Make time to take time...for yourself, that is. As we students
return to the NUHS classes this week, after a well-needed winter
break, many of us find that we aren't quite as well rested as we
thought we'd be. Personally, I envisioned a two and a half week
stint of total relaxation...or, at least, as relaxing as life can
be with two young children! Instead, what I got was the usual
hectic schedule of drop-offs and pick-ups, with my own work crammed
in between appointments and holiday travels.
The welcoming sight of a snow-covered Lombard campus as we
returned for the "spring" trimester.
Yes, that's right. I came back to campus in January just as
stressed out as when I walked off after my last final exam back in
December. How did this happen? After talking with some classmates
this week, I quickly realized that I was not alone. Sure, a few
people took it easy and maintained the "AOM" lifestyle of healthy
eating and weekly acupuncture treatments. Lucky them. The rest of
us overindulged with the holiday treats and put the exercise
routines on hold while we visited relatives and friends.
What's wrong with us? Don't we, students of acupuncture and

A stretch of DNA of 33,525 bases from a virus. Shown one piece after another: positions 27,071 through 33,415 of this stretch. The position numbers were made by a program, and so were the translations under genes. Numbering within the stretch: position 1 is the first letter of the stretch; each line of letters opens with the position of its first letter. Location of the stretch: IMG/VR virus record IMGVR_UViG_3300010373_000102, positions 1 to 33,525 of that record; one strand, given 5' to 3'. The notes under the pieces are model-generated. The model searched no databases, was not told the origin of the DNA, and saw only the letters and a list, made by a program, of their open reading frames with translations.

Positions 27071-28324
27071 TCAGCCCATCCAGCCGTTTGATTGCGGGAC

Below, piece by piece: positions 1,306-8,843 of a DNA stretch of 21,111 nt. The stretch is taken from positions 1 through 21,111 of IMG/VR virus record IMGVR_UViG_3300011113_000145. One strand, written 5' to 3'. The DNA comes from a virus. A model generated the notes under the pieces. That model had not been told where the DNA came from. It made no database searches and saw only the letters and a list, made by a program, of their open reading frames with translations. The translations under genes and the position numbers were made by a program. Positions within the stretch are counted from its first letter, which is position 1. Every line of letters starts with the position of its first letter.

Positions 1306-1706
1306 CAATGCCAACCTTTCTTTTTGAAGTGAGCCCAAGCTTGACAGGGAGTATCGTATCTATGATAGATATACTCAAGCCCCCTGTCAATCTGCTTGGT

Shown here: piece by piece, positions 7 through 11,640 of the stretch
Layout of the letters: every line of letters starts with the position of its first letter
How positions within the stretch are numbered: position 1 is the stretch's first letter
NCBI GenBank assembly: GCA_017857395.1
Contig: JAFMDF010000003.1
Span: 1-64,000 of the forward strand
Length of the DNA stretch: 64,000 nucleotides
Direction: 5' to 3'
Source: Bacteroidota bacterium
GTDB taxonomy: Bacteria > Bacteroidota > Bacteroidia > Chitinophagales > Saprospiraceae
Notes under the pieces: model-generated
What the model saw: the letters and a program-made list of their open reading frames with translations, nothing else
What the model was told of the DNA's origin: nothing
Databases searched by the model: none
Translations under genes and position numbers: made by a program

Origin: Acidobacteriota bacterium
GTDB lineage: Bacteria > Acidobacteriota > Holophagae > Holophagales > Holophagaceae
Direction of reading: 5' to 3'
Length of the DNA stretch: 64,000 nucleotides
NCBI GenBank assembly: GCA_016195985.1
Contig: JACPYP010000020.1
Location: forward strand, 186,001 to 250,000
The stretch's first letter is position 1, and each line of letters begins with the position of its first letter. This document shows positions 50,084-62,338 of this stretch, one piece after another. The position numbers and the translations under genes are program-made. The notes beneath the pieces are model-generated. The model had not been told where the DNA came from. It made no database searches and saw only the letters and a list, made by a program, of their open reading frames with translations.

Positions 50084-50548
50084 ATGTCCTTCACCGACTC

oriental medicine, know better? Don't we know that a relaxing and
rejuvenating acupuncture session is even more important when we are
stressed out by final exams and holiday travels? It turns out,
we're just like everyone else. We don't always practice what we
preach. And, the prognosis isn't great for our future actions,
either. An article in Newsweek revealed that 44% of
male doctors are overweight or obese (Kalb, 2008). Sure, this is
better than the average American statistic, which puts around 65%
of Americans as either overweight or obese, but it's not role-model
material! (Kalb, C. (2008). Drop That Corn Dog, Doctor.
Newsweek, 152(15), 17.)
If we don't take the time to make time for ourselves--for our
health and well-being--now, as students, then how can we become a
strong force for good in our future patients' lives? I want to
model the behavior and lifestyle that I am explaining to my
patients. If I can't prioritize and sacrifice to make time for my
own acupuncture sessions and yoga classes, then why should a
patient take my advice to do so? If they see me wolfing down my
fast food in between appointments, then why should they look to
more healthy options for their own lunch?
My personal path this year will be to slow down, to be more
aware of my choices and my priorities, and to model the lifestyle
and mindset that I want to introduce to others. Welcome, 2014.
• Jabbing Nerves with Needles
• Mission in Nicaragua
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